In this ancient myth I began to wonder if there was in fact a kernel of truth, whether it could be possible that this story was actually an allegorical tale pointing us toward a fundamental truth that the body of Osiris that had been cut into sixteen pieces and scattered across the land was not meant to be understood in terms of a human body but was perhaps a reference to the early, giant pyramids acting as the metaphorical body of Osiris, much in the same way that a Christian church today represents the allegorical “body of Christ”. And further still, could it be that the one piece of the “body” we are told from the myth that Isis could not find may be an allegorical reference to a hidden part, a subtle clue to a secret vault somewhere deep underground, awaiting discovery—the legendary hidden chamber of Osiris?

This may not be as radical a thought as it may at first seem. The idea that the scattered “body of pyramids” (i.e., the first sixteen or so pyramids built by the ancient Egyptians at Abu Roash, Saqqara, Meidum, Dahshur, and Giza) may represent, or may have come in later times to represent, the allegorical body of Osiris finds some support in our earliest religious texts, the ancient Egyptian Pyramid Texts, in which it is written, “This pyramid . . . is Osiris . . . this construction . . . is Osiris.”

This notion is given further support in Frank Cole Babbit’s translation of Plutarch’s Isis and Osiris, in which we read, “The traditional result of Osiris’s dismemberment is that there are many so-called tombs of Osiris in Egypt; for Isis held a funeral for each part when she had found it . . . all of them called the tomb of Osiris.”

The concept of pyramids as arks or recovery vaults for the kingdom (containing all manner of seeds, tools, pottery, etc.) could not be better symbolized than by the ancient Egyptian god Osiris, their god of agriculture and of rebirth. These first pyramids contained, after all, the means by which the kingdom hoped to recover after the worst effects of “Thoth’s Flood” had passed. These “dismembered body parts” (i.e., the individual pyramids scattered along the length of the Nile) represented the agency through which the recovery or rebirth of the kingdom could occur.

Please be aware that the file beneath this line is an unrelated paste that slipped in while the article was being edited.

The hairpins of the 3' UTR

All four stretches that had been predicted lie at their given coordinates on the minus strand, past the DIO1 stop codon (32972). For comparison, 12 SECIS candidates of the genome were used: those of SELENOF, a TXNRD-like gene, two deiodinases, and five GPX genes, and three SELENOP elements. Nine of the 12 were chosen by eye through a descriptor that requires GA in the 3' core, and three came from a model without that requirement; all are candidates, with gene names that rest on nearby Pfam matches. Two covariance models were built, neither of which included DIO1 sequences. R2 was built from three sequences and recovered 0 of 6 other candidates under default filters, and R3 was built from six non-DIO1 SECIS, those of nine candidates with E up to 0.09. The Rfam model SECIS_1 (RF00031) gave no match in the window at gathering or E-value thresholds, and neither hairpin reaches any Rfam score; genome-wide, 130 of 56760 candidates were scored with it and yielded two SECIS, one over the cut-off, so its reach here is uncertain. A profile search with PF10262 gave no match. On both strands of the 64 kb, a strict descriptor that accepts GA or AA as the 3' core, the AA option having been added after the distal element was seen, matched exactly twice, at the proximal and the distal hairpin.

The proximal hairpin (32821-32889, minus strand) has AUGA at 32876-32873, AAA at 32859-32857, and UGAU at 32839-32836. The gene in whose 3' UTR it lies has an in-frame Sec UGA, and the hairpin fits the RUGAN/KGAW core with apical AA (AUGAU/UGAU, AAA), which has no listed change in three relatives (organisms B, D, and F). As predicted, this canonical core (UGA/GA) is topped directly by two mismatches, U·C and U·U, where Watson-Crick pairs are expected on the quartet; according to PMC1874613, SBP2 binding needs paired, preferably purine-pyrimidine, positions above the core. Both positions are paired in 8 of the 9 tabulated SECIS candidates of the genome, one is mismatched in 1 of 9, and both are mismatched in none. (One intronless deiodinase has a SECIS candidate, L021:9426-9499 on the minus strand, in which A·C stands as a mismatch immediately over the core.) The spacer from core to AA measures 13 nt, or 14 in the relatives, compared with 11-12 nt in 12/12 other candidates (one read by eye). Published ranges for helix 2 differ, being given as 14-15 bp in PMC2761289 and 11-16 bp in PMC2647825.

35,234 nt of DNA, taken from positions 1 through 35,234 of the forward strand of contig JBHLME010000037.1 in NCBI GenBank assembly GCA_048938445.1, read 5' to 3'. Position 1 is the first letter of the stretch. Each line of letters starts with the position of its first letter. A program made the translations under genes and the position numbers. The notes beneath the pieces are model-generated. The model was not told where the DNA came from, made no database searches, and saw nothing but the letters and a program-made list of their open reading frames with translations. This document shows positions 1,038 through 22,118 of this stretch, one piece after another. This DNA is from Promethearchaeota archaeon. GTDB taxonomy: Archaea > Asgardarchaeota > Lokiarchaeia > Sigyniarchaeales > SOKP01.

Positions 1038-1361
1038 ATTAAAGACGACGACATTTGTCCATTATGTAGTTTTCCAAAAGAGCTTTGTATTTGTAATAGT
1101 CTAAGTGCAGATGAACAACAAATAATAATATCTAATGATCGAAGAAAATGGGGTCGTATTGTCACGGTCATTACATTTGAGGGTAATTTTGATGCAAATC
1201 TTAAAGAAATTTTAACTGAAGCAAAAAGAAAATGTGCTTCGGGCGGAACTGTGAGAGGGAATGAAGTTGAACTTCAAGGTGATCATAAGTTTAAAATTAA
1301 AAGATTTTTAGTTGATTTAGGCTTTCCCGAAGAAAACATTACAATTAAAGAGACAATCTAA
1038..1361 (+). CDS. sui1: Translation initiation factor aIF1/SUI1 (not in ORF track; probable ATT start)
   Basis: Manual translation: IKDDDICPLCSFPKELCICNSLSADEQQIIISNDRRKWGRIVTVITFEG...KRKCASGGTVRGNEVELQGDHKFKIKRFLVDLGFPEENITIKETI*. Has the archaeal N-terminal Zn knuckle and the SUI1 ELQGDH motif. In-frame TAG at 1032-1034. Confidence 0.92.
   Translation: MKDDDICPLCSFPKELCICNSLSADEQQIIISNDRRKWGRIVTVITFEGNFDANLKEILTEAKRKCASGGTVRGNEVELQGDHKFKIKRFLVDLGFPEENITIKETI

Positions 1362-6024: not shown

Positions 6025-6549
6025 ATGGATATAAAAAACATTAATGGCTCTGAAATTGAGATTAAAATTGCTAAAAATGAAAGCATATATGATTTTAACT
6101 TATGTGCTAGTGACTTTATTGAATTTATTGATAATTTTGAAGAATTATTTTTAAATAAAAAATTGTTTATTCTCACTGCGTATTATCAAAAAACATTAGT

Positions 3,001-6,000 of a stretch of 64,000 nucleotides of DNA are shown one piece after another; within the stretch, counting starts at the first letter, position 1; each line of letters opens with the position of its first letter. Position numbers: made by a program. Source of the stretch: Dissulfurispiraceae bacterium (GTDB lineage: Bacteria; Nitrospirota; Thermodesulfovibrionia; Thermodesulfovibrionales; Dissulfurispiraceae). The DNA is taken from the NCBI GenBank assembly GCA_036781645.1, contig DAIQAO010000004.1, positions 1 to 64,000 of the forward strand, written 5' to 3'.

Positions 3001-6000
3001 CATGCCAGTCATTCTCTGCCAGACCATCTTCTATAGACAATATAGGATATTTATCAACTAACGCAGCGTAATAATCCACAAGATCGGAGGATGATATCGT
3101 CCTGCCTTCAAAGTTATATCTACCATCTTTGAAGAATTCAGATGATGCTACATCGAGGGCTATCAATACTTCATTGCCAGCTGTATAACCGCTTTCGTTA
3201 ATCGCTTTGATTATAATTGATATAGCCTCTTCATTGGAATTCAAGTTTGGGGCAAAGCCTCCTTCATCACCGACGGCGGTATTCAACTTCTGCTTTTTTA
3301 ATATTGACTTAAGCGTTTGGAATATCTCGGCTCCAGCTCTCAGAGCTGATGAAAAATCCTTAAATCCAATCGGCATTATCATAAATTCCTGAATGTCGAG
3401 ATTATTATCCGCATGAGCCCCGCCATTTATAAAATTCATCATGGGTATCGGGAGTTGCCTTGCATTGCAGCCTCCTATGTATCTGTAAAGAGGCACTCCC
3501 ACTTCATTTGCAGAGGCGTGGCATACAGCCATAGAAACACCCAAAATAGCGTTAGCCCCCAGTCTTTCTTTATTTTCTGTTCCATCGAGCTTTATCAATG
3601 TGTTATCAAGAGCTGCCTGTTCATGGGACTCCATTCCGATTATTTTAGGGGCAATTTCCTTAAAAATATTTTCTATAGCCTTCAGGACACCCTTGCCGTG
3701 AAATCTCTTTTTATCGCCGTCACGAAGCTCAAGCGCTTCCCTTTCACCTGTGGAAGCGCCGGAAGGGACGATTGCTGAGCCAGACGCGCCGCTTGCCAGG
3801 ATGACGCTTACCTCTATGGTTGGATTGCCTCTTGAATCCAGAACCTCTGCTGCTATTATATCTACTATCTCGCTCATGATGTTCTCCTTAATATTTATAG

In essence these first scattered pyramids along the Nile Valley were Osiris (i.e., his body cut into sixteen parts), just as the ancient Egyptian Pyramid Texts and Plutarch’s Myth of Osiris inform us. As such it should be of little surprise then to find that when plotting the individual locations of the first, giant pyramids onto a map of Egypt, what we find is a crude “matchstick” outline of the classic Osiris figurine (figure 2a–e) complete with the distinctive three-pronged ‘Atef Crown’ of Osiris along with his symbols of power, the crook and flail.

Figure 2a. Locations of the first pyramids built along the Nile Valley. Image by Scott Creighton.

Figure 2b. The most northern pyramids correlate with the Atef Crown of Osiris. Image by Scott Creighton.

Figure 2c. The middle pyramids correlate with the torso and the flail and crook of Osiris. Image by Scott Creighton.

Figure 2d. The southern pyramids correlate with the lower limbs of Osiris. Image by Scott Creighton.

Figure 2e. The first pyramids present an outline the classic figure of the god Osiris. Image by Scott Creighton.

These images demonstrate the locations of the pyramids listed below (with the name of the King that Egyptologists believe constructed each pyramid and its location in parentheses), which were constructed on the high plateaus along the lush green Nile Valley (Osiris is often painted with a green body depicting vegetation and rebirth) and are believed by Egyptologists to have been completed in the following order of construction: